Press release

6 Jun 2022

Tipping point reached as more nearly half of UK car buyers seek electric vehicle for the first time

EY survey: 49% of UK car buyers want an electric vehicle

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  • EY survey: 49% of UK car buyers want an electric vehicle

  • Appetite for electric vehicles rises 21 points in just two years

  • Upfront costs and lack of charging infrastructure seen as most significant barriers for first time EV buyers in the UK

The number of UK consumers looking to buy electric vehicles (EVs) has hit a tipping point, according to the latest EY Mobility Consumer Index. The research shows that nearly half of respondents (49%) looking to buy a car would choose an EV – representing an increase from 21% percentage in just two years. 

The survey of 13,000 people in 18 countries shows that car buyers in Italy (73%), China (69%) and South Korea (63%) are the most committed to buying an EV, while consumers in Australia (38%) and the US (29%) are the least committed.   

Rising penalties on internal combustion engine (ICE) vehicles are cited as the main driver to buy an EV in the UK (46%), followed by environmental concerns (45%). 

The survey also shows that those looking to buy an EV are willing to pay a premium. Nearly ninety percent (87%) say they would pay more, and 32% are willing to pay a premium of 20% or more. 

Maria Bengtsson, EY Electric Vehicle Leader, UK&I, commented:  

“These findings truly mark a tipping point in the UK car-buying market. Nearly 50% of consumers across the UK indicating that they want an EV is a significant milestone in the transition from ICE to EVs. The speed of this change has also been eye-opening, with a rise of 28% in just two years of potential buyers who would opt for an EV over an ICE vehicle.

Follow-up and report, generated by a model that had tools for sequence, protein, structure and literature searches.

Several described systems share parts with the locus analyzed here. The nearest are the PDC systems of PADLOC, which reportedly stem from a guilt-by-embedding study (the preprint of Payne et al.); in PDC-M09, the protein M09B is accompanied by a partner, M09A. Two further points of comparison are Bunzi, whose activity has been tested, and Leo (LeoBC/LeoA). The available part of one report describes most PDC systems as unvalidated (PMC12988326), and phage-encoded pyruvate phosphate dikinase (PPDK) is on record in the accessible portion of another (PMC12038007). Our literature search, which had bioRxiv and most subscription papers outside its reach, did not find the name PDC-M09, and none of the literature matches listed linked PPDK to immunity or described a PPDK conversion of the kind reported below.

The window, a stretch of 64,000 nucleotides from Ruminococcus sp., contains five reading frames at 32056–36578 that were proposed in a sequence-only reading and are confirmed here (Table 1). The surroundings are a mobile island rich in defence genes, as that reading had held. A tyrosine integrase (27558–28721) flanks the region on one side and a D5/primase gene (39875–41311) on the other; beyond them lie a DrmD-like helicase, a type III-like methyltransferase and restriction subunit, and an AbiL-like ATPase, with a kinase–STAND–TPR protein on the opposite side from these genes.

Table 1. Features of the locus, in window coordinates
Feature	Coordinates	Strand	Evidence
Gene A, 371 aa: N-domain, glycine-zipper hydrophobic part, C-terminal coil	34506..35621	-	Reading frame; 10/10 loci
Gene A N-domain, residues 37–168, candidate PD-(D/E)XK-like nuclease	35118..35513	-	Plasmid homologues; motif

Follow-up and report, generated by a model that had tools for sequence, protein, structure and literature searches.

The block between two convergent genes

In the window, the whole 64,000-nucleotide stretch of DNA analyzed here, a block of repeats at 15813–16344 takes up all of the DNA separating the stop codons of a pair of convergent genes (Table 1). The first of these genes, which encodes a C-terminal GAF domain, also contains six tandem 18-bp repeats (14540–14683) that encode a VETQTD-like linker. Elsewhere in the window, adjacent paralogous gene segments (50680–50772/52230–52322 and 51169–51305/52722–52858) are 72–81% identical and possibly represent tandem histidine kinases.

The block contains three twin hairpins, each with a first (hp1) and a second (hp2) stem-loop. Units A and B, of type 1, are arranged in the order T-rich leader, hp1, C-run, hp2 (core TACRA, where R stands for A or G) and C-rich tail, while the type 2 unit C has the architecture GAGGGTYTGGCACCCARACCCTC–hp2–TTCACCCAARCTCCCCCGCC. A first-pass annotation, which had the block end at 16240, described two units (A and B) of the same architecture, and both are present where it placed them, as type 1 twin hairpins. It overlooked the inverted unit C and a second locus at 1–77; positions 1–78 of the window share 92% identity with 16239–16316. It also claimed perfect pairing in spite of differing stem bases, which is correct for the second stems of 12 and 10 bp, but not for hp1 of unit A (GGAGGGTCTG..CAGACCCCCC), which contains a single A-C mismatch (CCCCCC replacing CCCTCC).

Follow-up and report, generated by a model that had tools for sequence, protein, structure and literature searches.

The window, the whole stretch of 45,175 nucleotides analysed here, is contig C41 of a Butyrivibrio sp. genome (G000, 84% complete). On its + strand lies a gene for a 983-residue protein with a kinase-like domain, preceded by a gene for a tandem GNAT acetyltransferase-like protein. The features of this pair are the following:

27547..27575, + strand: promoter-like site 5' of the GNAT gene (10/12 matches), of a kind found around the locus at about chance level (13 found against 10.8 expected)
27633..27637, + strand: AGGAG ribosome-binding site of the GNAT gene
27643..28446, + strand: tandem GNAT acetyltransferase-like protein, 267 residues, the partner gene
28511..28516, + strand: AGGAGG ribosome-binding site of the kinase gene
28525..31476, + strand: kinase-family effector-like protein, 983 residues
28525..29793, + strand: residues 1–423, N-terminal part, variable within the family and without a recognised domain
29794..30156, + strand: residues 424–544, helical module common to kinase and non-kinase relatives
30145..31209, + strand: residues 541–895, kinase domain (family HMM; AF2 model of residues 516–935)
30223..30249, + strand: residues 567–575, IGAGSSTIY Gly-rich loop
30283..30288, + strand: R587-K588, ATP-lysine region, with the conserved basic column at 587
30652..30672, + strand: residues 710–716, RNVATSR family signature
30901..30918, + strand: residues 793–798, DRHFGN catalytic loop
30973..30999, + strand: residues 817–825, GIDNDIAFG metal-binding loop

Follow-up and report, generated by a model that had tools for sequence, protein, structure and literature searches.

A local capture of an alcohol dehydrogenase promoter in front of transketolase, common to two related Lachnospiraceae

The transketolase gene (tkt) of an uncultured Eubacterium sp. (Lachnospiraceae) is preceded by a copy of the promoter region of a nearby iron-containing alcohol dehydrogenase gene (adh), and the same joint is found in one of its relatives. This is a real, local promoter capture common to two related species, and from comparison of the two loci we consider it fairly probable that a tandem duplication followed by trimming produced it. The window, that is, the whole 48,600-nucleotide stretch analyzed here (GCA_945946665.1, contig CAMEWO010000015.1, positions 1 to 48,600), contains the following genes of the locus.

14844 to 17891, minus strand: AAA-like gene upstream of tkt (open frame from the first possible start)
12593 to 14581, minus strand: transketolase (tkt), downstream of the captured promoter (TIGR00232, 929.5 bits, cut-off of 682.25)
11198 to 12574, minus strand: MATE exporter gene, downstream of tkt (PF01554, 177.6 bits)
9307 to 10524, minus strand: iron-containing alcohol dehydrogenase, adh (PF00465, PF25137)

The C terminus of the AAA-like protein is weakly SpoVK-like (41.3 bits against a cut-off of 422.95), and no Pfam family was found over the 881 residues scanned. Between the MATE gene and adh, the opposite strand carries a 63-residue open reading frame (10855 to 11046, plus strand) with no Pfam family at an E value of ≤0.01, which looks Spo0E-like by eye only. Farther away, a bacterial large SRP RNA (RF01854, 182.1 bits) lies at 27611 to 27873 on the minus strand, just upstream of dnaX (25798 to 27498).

“There is no doubt that rising fuel rises have played their part in making internal combustion engines more expensive to run in the UK, but rising penalties – such as inner-city congestion charging and environmental concerns – remain top of the list of motivators. Consumers are becoming increasingly socially and environmentally conscious, and they’re willing to pay a premium to meet their environmental standards. It is now up to the industry to meet this demand. If manufacturers are not aware of this trend already, they’re behind the curve and they need to catch up fast.”    

Key inhibitors to purchasing an EV 

Although EVs are increasing in popularity, upfront purchase costs have emerged as a key inhibitor for new UK buyers in 2022 with 45% of respondents saying this is the biggest barrier to EV adoption. However, that said, this has fallen significantly since the 2021 survey when 65% of respondents saw it as a key barrier to adoption.  

Lack of charging stations and infrastructure in cities and towns and on travel routes was the second most significant inhibitor (38%), followed by range anxiety (30%) – how far an EV can travel on a single charge. 

Bengtsson adds: “Charging infrastructure remains an area of concern, from both consumers and charge point operators. As well as lack of charging stations, consumers often cite the reliability of charge points as a key concern in charging vehicles. Pain points for charge point operators include permitting and accessing the grid. The planning application process with local authorities can be both long and complicated and gaining access to public real estate is often cited as a complex process. A collaborative approach between charge point operators, local authorities and energy companies is essential if the UK is to fulfill the demand of current and future EV drivers.” 

Charging range confidence 

The survey also shows that those who already own EVs are less worries about range anxiety. The majority of UK respondents who are potential EV buyers (56%) are comfortable with a range of up to 200 miles from a single charge and over 40% prefer at least 300 miles.  

David Borland, EY Automotive Lead, UK&I, commented: “It is clear range anxiety for potential EV buyers still exists. However, we know that the vast majority of journeys are relatively short, and as charging infrastructure continues to grow and battery quality continues to increase, we will start to see these concerns fade.”